I have found this most interesting and an aspect of the man not previously known to me. It shows I think the extent of beliefs in the real world we shall all inhabit rather than this transient, failing and vastly flawed place we at this time call home. So many people have this knowledge of the real state of life yet it is hidden by the few…

Together with the shift in vibration, and the awakening of sleeping souls to the dawn of light, of understanding and the envisioning of  spirit truths by so many that, in a short space,  great truths and awakenings can be shared by all. This world is changing, and for the better, amen.

Light to all, peace and harmony to all, forever. Leo.


Benjamin Franklin wrote the letter below to a Miss Hubbard age at 22, below directly is his epitaph.

The Body of B Franklin, Printer,

Like the Cover of an Old Book,

Its contents Torn out and stripped of its lettering and gilding,

Lies here Food for Worms, But the Work shall not be lost,

For it Will as He Believed Appear Once More

In a New and more elegant Edition

Revised and corrected By the Author.


PHILEDELPHIA, 23RD February, 1756.

I condole with you. We have lost a most dear and valuable relation. But when it is the will of God and nature that these mortal bodies be laid aside when the soul is to enter into real life. This is rather an embryo state, a preparation for living. A man is not completely born until he be dead. Why, then, should we grieve that  a new child be born amongst immortals, a new member added to their happy society?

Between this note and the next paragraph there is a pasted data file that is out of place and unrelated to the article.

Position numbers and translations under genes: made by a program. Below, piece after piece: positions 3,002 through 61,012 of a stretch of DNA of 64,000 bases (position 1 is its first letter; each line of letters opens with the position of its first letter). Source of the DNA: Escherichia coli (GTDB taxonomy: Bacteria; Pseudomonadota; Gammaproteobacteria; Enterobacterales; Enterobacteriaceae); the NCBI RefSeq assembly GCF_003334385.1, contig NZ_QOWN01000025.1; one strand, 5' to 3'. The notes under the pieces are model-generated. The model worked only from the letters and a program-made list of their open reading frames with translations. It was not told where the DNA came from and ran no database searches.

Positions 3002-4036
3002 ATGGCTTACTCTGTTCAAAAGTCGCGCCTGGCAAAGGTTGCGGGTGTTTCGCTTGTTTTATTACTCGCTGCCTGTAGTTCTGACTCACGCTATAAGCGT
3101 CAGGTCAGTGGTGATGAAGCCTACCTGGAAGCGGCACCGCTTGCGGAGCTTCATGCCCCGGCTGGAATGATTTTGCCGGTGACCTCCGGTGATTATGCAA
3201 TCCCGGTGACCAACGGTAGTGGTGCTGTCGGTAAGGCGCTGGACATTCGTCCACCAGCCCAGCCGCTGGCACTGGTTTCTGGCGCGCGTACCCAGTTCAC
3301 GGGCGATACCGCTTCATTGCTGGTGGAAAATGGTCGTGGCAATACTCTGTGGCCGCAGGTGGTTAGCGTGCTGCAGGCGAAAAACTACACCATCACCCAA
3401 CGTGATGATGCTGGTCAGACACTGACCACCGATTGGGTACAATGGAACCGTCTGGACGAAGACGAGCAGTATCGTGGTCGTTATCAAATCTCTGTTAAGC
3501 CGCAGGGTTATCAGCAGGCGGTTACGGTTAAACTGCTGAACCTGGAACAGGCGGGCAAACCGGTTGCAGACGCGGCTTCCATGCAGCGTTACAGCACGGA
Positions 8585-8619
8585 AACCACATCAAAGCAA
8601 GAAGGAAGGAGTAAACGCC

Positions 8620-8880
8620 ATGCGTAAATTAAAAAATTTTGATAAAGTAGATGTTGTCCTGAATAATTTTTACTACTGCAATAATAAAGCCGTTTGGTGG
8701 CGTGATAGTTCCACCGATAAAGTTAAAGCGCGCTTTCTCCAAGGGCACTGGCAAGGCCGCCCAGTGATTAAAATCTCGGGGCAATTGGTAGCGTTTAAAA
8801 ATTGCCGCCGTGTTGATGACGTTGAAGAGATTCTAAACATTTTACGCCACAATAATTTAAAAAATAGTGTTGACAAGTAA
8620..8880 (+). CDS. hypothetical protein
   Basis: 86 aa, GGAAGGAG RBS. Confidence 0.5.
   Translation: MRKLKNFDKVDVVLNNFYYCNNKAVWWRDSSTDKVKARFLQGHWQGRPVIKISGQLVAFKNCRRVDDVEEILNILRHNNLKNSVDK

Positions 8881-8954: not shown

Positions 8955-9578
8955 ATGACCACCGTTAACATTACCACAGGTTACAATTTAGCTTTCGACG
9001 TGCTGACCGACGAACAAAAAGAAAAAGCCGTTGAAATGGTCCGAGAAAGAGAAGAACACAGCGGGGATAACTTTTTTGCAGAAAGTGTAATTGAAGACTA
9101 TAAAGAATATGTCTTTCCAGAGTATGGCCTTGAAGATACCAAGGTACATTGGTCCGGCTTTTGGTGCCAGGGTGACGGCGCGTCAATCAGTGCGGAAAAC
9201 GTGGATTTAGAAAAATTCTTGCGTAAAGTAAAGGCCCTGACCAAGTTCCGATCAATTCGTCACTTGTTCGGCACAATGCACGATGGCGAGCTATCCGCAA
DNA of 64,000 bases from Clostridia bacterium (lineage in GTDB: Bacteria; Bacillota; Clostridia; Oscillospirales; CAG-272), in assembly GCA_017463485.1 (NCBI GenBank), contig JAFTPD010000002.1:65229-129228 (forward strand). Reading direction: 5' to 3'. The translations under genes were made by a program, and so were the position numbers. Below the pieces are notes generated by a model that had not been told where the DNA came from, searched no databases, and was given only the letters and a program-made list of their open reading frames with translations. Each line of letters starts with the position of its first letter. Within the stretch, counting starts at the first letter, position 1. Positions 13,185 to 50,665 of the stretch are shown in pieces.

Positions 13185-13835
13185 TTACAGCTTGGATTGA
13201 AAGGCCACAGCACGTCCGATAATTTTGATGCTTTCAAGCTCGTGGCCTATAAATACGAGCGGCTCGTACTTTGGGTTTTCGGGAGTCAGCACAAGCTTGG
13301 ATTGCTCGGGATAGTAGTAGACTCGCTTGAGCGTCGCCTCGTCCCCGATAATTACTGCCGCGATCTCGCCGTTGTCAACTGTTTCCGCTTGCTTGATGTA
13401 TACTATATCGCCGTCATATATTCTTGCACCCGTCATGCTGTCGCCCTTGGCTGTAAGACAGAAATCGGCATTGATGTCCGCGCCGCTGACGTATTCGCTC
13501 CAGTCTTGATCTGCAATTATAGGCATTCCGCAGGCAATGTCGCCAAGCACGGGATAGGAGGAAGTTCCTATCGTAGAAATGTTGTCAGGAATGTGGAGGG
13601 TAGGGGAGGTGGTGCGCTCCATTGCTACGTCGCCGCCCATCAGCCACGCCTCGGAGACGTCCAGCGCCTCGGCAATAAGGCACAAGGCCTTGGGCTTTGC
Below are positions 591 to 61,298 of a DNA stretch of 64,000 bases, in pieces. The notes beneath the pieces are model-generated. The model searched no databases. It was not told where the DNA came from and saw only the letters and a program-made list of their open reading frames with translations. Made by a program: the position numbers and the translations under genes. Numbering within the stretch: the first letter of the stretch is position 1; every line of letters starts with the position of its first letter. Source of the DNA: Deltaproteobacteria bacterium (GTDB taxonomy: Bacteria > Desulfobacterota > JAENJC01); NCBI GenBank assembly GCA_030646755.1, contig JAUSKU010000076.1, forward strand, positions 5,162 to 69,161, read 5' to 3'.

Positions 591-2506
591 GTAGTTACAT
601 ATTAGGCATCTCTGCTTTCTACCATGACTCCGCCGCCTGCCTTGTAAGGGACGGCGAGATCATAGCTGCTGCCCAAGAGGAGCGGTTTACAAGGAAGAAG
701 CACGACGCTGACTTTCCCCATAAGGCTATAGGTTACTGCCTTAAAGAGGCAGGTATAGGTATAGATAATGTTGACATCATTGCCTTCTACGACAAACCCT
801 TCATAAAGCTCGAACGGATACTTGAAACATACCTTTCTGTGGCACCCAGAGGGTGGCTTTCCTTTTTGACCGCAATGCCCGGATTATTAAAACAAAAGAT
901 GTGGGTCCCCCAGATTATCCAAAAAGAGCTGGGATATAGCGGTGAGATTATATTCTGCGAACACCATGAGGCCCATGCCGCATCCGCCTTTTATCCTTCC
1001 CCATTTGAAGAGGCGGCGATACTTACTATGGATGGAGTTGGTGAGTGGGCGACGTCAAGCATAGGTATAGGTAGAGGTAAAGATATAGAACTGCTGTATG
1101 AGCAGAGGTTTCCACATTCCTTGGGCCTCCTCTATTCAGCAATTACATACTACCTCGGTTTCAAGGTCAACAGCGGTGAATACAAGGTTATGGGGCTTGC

We are Spirits. That bodies should be lent to us while they can afford us pleasure, assist in us acquiring knowledge, or doing good to our fellow creatures, is a kind and benevolent God. When they become unfit for these purposes and afford us pain instead of pleasure, instead of an aid become an encumbrance, and answer none of the intentions for which they were given, it is equally kind and benevolent that a way is provided by which we may be rid of them. Death is that way. We ourselves, in some cases, prudently choose a partial death. A mangled painful limb which cannot be restored we willingly cut off.

He who plucks out a tooth parts with it freely, since the pain goes with it; and he who quits the whole body parts at once with all the pains and possibilities of pains and diseases which it was; liable to or capable of making him suffer.

Our friends and we were invited abroad on a party of pleasure which is to last forever. His chair was ready first and he is gone before us. We could not all conveniently start together, and why should you and I be aggrieved at this, since we are soon to follow and know where to find him? Adieu.